Going With the Flow: Adaptation of β-Cell Function to Glucose Fluxes After Bariatric Surgery

  1. David A. D’Alessio1,2
  1. 1Department of Medicine, Division of Endocrinology, University of Cincinnati, Cincinnati, Ohio
  2. 2Cincinnati VA Medical Center, Cincinnati, Ohio.
  1. Corresponding author: David A. D’Alessio, dalessd{at}

Roux-en-Y gastric bypass (RYGB) surgery induces remission of type 2 diabetes (T2D) at higher rates than restrictive bariatric surgeries (1) or intensive medical treatment (2). While weight loss induced by lifestyle interventions or bariatric surgery improves glucose tolerance gradually by enhancing insulin sensitivity (35), some of the antidiabetic effect of RYGB is immediate and independent of the amount of weight loss (57). The dramatic resolution of diabetes after RYGB is consistent with processes rapidly engaged by the restructured gastrointestinal system to alter postprandial glucose regulation.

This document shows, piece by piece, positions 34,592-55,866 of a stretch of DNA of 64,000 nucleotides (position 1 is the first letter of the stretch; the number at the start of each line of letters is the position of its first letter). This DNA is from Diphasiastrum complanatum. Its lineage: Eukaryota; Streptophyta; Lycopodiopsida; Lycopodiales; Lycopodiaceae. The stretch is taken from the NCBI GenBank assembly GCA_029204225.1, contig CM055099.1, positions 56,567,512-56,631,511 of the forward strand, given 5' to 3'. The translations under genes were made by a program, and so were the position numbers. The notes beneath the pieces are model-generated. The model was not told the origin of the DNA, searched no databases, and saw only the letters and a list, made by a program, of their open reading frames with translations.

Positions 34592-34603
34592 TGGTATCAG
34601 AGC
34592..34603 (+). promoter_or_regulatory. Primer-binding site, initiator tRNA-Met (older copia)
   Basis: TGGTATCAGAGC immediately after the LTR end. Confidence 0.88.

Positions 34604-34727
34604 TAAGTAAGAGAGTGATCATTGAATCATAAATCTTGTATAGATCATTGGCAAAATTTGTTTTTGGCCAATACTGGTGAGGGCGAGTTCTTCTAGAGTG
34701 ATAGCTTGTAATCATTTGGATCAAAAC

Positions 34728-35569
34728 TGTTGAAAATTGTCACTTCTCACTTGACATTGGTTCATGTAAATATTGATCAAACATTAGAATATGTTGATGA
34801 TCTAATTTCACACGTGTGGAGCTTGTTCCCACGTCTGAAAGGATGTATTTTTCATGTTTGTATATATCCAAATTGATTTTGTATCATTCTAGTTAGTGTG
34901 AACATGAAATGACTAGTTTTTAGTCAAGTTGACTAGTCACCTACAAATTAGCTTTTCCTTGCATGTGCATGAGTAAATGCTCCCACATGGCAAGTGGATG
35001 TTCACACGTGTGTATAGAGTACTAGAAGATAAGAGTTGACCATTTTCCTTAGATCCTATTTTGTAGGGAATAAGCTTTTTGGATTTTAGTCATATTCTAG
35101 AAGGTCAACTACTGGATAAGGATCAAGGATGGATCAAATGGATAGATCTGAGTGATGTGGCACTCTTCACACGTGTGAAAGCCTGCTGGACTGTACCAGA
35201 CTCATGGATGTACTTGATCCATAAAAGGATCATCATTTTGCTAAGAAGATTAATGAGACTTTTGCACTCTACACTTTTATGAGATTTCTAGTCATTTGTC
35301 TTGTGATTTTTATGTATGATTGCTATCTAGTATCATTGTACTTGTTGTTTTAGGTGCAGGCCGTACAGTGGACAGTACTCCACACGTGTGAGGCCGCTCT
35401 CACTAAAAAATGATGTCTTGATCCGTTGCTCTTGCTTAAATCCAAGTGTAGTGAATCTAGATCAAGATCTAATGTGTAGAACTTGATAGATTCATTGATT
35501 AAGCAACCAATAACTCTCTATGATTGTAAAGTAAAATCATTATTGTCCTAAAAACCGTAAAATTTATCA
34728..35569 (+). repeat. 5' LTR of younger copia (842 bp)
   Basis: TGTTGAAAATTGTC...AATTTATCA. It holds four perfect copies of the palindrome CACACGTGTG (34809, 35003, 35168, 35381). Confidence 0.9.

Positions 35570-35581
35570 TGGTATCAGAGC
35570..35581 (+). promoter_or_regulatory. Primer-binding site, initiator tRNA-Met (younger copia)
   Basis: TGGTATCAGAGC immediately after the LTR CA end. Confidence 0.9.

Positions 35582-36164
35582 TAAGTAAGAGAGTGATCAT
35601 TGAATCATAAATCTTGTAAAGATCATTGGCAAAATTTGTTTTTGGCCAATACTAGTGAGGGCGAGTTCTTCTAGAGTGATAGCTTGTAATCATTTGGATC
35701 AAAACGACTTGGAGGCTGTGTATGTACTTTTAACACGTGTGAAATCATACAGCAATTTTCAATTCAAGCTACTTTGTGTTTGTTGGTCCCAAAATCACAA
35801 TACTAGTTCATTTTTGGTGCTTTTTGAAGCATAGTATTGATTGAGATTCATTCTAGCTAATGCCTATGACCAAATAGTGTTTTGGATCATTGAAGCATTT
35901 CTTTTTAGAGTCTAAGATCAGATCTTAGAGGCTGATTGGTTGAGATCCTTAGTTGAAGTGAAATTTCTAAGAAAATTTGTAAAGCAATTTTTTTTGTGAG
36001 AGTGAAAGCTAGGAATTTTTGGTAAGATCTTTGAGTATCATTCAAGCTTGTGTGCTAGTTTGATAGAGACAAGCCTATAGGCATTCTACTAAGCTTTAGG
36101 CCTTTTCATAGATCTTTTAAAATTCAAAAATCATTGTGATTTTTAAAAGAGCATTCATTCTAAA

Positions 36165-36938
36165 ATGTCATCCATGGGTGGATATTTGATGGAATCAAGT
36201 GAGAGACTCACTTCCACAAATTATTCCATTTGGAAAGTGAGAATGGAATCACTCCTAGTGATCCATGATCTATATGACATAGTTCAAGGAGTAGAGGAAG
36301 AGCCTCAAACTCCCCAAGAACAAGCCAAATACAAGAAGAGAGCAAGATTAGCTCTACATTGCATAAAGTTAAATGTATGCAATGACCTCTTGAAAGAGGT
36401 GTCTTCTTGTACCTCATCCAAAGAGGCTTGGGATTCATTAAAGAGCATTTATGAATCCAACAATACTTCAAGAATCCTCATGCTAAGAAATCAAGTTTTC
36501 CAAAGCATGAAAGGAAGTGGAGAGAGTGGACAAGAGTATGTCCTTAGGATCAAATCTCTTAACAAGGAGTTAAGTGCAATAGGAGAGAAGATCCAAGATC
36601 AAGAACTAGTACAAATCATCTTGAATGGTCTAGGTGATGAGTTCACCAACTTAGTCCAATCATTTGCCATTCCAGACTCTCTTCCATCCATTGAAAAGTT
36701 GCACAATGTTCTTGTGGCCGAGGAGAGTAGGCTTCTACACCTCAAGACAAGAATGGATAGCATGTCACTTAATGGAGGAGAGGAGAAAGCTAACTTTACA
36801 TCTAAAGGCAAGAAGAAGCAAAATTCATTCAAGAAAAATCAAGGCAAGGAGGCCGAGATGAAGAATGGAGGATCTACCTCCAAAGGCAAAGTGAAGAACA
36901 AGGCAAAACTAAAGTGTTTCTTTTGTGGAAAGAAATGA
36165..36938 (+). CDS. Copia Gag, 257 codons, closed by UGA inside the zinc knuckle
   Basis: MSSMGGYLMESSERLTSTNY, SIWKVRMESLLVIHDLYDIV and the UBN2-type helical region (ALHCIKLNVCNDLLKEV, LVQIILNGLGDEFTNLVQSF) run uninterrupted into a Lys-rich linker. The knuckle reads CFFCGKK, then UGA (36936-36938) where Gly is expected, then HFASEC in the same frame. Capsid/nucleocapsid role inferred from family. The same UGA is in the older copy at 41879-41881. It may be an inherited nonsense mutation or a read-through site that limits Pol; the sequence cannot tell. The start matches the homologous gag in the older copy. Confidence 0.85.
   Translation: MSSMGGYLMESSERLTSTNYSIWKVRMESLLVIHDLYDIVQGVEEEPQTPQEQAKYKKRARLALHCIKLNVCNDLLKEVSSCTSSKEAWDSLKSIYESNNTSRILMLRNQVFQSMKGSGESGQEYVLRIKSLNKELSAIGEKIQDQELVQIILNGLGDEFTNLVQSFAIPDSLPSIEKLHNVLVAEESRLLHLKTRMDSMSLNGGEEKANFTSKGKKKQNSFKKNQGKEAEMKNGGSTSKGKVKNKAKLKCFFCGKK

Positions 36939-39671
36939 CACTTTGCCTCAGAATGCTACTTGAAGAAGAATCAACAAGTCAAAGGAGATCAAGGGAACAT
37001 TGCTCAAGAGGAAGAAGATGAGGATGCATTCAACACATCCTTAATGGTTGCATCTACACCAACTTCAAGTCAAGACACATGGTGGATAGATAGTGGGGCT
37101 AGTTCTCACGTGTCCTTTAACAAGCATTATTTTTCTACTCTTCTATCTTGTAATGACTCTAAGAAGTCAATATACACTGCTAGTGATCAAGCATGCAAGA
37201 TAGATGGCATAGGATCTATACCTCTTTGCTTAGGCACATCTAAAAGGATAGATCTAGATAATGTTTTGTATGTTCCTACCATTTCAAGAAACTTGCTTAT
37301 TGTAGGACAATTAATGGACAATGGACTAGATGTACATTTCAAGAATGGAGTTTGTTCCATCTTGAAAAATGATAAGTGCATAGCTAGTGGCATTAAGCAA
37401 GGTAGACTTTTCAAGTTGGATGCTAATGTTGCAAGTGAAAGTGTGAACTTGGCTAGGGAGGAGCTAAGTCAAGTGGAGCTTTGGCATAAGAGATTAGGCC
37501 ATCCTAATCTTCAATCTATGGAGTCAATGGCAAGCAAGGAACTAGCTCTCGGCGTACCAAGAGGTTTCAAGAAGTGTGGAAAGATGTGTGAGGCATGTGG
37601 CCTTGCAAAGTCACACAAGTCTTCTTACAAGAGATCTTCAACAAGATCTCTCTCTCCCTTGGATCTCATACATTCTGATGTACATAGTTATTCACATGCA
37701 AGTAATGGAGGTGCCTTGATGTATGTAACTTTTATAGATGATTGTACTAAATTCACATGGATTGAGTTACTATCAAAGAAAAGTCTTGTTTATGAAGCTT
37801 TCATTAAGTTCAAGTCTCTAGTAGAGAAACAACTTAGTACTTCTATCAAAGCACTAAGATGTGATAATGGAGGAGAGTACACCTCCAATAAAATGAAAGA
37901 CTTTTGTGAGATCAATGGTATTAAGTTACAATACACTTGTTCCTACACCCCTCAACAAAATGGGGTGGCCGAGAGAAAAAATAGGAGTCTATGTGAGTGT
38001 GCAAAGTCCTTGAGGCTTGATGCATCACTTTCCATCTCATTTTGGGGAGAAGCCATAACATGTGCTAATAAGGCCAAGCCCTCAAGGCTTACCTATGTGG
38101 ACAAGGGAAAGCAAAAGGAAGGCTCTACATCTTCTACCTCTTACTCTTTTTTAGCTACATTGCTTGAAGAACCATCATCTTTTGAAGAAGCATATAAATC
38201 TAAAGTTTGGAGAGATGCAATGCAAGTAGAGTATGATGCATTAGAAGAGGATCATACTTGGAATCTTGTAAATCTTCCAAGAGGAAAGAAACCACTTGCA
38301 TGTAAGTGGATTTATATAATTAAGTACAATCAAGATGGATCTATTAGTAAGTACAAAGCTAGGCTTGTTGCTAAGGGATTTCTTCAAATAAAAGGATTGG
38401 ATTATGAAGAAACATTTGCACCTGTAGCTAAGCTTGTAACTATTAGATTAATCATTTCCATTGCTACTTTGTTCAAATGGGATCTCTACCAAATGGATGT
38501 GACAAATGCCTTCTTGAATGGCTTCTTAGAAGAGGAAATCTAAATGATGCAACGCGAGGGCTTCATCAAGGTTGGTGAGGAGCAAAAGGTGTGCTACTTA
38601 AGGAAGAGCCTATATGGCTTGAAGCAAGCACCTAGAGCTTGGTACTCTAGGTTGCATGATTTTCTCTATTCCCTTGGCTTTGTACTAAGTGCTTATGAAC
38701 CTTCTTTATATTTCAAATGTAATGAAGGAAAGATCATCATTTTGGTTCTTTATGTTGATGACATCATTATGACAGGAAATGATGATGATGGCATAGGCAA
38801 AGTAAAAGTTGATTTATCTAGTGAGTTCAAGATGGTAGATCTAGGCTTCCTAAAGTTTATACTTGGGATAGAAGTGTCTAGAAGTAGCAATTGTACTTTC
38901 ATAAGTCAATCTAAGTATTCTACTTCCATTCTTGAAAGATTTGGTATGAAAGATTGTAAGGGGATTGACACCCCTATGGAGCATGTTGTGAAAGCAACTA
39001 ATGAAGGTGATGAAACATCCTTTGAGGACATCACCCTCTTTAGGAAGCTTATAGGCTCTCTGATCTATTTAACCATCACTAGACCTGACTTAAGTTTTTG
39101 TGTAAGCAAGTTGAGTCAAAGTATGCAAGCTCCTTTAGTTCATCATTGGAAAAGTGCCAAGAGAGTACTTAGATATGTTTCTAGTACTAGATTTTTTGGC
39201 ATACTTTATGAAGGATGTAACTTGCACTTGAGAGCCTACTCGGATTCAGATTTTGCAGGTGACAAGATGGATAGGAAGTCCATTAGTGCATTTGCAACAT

Individuals with RYGB have larger postprandial glucose excursions, with higher and earlier peaks and lower glucose nadirs, as early as 1 week after surgery (7). In parallel with this change in glycemia, meal ingestion shifts the postprandial insulin response upward and to the left (7), with more rapid insulin secretion over a shorter period. It is not clear to what extent the increased β-cell secretion is a response to greater glycemic stimulus or whether other factors are at play. There is experimental support for greater stimulation by gastrointestinal hormones, especially glucagon-like peptide 1 (8), and neural inputs to the β-cell (9) following RYGB are increased. Regardless of the underlying mechanism, a majority of patients with T2D benefit from RYGB in the short term, and the enhanced insulin response is thought to contribute significantly to this outcome. Interestingly, beneficial effects of surgery on β-cell function are more difficult to ascertain in nondiabetic subjects after RYGB, since many measures of insulin secretion are actually diminished over time as insulin sensitivity improves (10). It is now apparent that RYGB also has a significant impact on glucagon secretion. The notable feature after surgery is …

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